We constantly hear that cultures are difficult to change. If that’s our belief, then yes, it will be difficult. If, however, we believe it’s possible—and that we as talent development professionals can be influential in changing a culture—that belief creates opportunity.
Having the right mindset toward changing culture is square one. From there, we move forward. In fairness, many of us have experienced a new executive leader who enthusiastically leads the cheer of “changing the culture.” This new culture is given lots of talk—until a year later that executive is gone and the only change is the paint on the walls. Sound familiar? Stories like that are too common so it’s no surprise when we feel a little overcooked on culture change.
Here’s a more optimistic and practical perspective: The truth is that whether the executive leader is diametrically opposed to culture change or its biggest supporter, talent development professionals can change a culture. How do we know? We lived it. And at ATD 2019, we will present a case study outlining our journey. In our session Evaluating Impact in the Development of a Civil Culture we will demystify the elusive subject of culture change.
Our experience has been that cultures can be changed, ideally for the better. Good cultures can become great just as cultures with negative and toxic elements can become civil and respectful. In our session, we’ll walk through an approach that incorporates design thinking with a focus on outcomes that have a measurable impact on organizational culture.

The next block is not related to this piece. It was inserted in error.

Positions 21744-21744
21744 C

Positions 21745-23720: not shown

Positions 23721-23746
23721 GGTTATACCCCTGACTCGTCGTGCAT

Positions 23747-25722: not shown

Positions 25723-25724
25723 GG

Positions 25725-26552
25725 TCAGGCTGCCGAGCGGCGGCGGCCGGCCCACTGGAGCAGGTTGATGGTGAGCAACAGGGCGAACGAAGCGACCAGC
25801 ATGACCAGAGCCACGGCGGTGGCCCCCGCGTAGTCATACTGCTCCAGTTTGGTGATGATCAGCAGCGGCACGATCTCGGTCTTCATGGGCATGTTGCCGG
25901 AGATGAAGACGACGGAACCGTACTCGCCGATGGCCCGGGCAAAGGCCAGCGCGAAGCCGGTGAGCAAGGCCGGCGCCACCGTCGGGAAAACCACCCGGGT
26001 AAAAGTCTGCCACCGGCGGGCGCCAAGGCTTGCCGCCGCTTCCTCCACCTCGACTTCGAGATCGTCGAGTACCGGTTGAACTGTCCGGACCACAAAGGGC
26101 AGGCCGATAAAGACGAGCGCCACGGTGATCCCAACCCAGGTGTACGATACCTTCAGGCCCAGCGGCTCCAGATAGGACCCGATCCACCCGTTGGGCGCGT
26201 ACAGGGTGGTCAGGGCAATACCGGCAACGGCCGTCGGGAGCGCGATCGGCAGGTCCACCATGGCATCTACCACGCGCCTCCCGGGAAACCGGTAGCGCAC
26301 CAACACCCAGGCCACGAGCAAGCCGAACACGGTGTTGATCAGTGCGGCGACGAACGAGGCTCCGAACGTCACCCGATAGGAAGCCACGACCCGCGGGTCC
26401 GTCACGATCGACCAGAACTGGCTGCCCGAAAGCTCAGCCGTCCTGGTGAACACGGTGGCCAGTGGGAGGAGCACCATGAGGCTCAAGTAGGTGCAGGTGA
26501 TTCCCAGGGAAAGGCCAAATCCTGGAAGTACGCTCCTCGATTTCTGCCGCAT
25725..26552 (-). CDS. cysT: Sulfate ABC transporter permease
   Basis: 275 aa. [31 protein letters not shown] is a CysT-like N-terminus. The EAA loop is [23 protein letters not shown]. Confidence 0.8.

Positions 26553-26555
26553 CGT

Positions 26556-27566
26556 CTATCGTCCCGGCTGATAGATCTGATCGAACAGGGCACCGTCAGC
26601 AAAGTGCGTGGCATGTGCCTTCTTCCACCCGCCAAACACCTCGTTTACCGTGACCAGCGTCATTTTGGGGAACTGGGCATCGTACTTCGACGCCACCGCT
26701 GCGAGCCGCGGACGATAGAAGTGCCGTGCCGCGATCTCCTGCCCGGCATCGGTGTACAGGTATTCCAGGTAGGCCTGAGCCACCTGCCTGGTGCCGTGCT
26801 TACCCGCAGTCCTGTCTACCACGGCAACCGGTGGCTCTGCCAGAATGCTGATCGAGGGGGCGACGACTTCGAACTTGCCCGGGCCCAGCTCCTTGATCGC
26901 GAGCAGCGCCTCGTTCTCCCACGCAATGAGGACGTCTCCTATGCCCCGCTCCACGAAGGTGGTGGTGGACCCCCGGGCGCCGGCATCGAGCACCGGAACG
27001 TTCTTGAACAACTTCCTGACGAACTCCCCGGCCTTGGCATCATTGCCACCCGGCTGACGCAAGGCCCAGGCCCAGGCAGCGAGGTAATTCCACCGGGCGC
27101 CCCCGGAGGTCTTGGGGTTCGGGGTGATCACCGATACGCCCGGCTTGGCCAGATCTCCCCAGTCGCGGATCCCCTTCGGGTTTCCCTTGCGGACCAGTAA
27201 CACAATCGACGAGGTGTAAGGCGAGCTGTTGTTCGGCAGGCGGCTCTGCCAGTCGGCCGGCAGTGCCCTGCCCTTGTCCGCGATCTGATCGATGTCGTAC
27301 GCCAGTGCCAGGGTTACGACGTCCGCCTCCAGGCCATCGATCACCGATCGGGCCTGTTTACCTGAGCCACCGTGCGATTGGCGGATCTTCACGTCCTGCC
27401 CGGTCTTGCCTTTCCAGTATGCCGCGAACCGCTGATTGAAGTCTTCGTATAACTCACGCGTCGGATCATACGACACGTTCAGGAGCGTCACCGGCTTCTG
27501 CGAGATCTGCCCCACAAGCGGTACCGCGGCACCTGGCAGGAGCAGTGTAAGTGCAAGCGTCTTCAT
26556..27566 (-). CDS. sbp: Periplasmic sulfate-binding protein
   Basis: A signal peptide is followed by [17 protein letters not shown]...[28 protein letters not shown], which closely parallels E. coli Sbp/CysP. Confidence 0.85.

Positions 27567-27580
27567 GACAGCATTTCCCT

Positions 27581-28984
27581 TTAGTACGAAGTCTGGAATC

Whether you are looking for a complete overhaul of your organizational culture or more of a tune-up, begin by identifying which elements of the current culture are negatively influencing the environment. You probably won’t have to look far!
For example, no one likes complaining and gossiping, but gossip becomes an acceptable workplace behavior when the culture is permissive of it. Don’t worry about the C-suite or the board rooms here; instead, focus on making management your change agents. Empower managers with tools to help lead civil conversations. Build civil conversation into your competency structure and clearly define what it looks like. Hold managers to those expectations—they should not only have civil conversations but lead and facilitate civil conversations. The gossip and rumors that may be happening on the frontline can be changed with manager involvement. Gossip can represent either constructive criticism or destructive talk. Managers must learn to discern the difference and welcome the former while they root out and squash the latter.
Many tools and training programs can equip managers to deal with gossip. The opportunity for those in talent development is to marry those programs with a cultural alignment. Build in performance expectations for the desired behaviors so there is reinforcement. In the end, we all know: That which gets measured gets done!